What is religion, and what is it to be religious? Consider that biblical Hebrew lacks a word for religion. I would take that lack as a hint that we are dealing here with a concept somewhat foreign to the biblical faiths. Most theologians I read use the word religion more often in the negative, in contrast with the life of trust and discipleship lived and shared within communities of faith. The concern of the many and varied books of the Bible is life, not religion, and biblically understood life is created to be relational. The goal is the restoration of our denied relation to God and relatedness with each other and all creation. In contrast, religion has often served in practice as people’s attempts at gaining security from God (or the gods) and as rulers’ means for controlling societies by making the systems in place seem sacred. The God to whom the Bible bears witness cannot be controlled but can be trusted and obeyed in trust. This God disrupts the systems of power, frees captives, cares for the vulnerable, restores the lost, and reconciles the estranged. This God loves the world and will neither give it up nor enslave it.

What is good? This question is not simple, and while simple answers may be helpful (or harmful) as starting points, they will not take us very far without more effort at thinking. Is the good whatever feels good to me? Is it whatever might make me superior to someone else? Is it virtue? Kindness? When he was addressed as “good teacher,” Jesus of Nazareth replied: “Why do you call me good? No one is good but God only.” What is goodness, and what would it mean for me or anyone to be a good person?

What is a person? Am I a person all by myself, such that being a good or bad person could be a self-contained matter of me and me alone? Is it possible for me to diminish or even lose my personhood? Can it be regained or restored? Can the way I am a person be changed, healed, forgiven? Can the person I am be known? Understood? Loved? Can I myself know the person I am? Understand the person I am? Forgive that person? Love that person?

Maybe because I am rereading Douglas John Hall’s book, Thinking the Faith,” I am taking extra notice of the superficiality of our social media conversation-by-meme. Hall writes: “Undoubtedly the existence of God, which is presupposed by biblical religion, is a vital concern for many of our contemporaries; but a much more immediate concern is whether our own existence has any purpose in it!” (326)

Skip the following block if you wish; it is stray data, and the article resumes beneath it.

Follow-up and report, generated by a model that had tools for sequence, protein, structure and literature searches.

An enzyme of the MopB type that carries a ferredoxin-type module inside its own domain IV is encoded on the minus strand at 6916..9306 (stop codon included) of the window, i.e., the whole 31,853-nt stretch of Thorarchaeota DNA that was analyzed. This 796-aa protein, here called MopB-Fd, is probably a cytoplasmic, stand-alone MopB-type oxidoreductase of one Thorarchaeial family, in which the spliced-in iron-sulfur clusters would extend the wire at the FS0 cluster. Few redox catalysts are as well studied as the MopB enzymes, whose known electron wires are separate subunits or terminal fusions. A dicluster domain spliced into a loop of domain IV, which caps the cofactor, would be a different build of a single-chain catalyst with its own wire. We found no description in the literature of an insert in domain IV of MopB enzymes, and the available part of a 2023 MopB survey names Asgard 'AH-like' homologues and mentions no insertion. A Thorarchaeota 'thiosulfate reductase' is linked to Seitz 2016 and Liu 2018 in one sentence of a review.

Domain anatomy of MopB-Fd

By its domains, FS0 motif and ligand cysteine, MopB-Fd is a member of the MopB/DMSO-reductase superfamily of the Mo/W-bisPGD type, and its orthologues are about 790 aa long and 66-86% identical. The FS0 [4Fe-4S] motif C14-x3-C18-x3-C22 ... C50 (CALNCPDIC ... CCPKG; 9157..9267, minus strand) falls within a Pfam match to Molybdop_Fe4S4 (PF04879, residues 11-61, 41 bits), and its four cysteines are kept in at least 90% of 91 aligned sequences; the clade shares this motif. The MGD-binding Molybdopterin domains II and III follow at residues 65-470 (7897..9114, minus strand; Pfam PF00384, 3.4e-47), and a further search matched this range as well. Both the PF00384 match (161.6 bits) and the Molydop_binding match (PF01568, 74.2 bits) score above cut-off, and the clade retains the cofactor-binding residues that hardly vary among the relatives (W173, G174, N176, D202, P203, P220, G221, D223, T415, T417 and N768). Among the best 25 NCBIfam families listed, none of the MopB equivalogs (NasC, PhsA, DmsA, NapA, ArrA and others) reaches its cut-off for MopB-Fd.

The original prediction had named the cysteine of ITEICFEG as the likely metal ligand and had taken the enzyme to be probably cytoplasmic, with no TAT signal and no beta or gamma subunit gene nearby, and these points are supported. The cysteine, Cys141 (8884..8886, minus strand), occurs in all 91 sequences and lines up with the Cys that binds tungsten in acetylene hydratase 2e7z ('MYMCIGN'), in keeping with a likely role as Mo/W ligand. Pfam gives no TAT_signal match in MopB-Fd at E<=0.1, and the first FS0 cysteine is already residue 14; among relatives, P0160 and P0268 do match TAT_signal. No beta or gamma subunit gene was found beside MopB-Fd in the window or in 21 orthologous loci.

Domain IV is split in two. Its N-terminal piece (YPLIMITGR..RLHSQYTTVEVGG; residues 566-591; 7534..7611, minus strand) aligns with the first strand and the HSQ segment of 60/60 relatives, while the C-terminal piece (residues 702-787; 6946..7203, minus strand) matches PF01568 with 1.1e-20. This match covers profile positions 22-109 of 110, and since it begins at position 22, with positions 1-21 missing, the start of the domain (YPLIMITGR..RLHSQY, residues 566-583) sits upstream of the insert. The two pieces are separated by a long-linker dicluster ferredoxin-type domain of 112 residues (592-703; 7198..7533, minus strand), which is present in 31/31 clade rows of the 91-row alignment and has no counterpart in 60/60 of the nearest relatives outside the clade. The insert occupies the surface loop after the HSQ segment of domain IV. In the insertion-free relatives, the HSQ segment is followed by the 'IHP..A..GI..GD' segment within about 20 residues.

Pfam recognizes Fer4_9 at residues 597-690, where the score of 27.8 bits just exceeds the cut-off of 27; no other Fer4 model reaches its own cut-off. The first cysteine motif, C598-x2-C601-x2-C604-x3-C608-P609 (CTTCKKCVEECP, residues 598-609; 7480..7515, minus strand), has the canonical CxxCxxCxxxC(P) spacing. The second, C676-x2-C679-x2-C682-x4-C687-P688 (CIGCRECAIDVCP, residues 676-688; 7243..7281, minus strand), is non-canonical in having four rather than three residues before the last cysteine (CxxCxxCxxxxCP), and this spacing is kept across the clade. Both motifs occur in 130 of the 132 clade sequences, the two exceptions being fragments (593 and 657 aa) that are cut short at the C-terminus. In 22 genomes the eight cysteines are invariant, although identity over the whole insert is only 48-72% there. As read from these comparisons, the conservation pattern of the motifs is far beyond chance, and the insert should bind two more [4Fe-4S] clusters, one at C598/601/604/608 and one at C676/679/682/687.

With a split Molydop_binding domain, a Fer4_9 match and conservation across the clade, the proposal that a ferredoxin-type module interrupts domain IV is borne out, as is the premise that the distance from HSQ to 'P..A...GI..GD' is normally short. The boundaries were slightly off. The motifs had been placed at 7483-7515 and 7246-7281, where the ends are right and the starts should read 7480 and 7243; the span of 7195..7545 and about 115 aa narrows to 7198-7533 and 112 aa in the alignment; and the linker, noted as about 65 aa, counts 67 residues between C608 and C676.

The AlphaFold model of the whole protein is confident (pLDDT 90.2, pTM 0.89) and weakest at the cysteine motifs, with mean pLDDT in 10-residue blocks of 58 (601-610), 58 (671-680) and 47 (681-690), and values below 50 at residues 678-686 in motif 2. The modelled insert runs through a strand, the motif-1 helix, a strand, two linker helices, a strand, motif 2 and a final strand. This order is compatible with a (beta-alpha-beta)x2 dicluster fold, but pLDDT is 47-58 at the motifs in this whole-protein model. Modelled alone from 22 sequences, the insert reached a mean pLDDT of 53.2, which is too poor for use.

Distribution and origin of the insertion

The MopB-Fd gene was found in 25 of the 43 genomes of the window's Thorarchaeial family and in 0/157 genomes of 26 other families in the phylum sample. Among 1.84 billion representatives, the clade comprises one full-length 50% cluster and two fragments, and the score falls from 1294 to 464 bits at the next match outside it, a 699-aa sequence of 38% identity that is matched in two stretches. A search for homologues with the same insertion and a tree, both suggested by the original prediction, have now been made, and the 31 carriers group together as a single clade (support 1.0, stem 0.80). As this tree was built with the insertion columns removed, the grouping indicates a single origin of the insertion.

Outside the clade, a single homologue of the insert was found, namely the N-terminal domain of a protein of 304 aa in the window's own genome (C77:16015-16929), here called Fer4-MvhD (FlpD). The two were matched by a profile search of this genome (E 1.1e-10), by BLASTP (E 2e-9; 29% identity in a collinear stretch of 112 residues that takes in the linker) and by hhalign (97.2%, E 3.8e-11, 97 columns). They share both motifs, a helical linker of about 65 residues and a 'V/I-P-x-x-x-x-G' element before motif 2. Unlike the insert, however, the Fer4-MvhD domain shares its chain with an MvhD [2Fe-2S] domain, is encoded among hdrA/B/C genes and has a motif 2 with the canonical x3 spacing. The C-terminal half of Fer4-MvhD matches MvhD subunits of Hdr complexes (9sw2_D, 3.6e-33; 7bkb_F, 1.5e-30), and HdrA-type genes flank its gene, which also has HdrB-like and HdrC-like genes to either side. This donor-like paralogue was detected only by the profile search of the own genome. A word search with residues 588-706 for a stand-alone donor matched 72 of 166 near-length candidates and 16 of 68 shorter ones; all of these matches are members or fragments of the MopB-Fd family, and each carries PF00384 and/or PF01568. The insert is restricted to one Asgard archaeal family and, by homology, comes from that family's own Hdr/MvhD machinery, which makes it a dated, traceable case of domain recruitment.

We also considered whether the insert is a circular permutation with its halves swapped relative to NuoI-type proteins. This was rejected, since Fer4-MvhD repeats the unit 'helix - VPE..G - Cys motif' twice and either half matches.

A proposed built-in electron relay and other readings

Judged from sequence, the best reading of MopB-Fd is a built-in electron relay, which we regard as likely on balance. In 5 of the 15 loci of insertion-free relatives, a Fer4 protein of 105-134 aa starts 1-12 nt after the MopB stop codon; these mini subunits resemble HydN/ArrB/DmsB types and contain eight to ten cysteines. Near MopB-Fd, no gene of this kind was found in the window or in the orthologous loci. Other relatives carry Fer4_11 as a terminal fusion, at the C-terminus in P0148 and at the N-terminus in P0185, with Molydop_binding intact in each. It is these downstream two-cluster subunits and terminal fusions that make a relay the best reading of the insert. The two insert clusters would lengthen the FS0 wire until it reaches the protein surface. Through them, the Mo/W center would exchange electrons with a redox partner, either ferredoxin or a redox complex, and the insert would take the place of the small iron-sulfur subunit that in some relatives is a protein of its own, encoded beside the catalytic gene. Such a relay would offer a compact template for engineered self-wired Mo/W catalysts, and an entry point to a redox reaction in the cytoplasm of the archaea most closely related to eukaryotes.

Learning comes through asking good questions and pursuing them, not by memorizing answers, let alone by picking the correct answer from a short list of choices. Yes, theology is thinking the faith but as such must not become merely explaining or defending doctrines but thinking life. And thinking life is not at all the same as the modern technological drive to make life artificially legible, manageable, and exploitable but is a matter of wonder that engages us with life and all the living with humility, empathy, and gratitude.

We have lived through a time called modern when we took for granted that we could prove or disprove what were presented as facts and that truth would be the sum of all the proven facts. We let ourselves imagine that the existence of God was the religious question we needed to prove, disprove, dismiss, or just ignore. But what (if anything) does it matter that I exist? What does it matter to me that you exist as you, a person distinct from me? What does it mean that you are distinct from me (a person in your own right) but not unrelated to me (not a person of no concern)? What is it to you and to me that God knows and loves each of us and both of us together, and not only us but all people, all creatures, and the whole of creation? The question is not, “How can I be a good person?” but how are we to keep becoming human in relation to God, each other, ourselves, the non-human creatures, and all of God’s creation? Within that overarching question, I may find and keep finding answers for what it means for me to be a person.

Anything I Want to Be?


You Can Be Anything You Want to Be
The Help and Harm in this Common Saying

The Nonsensical

Taken literally, this popular word of encouragement would be ridiculous. If I had wanted to become an opera singer, could I have done so through persistence? I can’t carry a tune, and worse, I don’t usually even hear myself singing off key. I wonder whether I even hear all the music other people hear. Could there be a musical equivalent of partial color blindness? To believe I could have become an opera singer or any kind of singer would have required severe delusion. Maybe I should have wanted to play football in the NFL or basketball in the NBA. Why should I let factors such as size and insufficient athleticism stop me, if after all, I could be anything I wanted to be?

The Helpful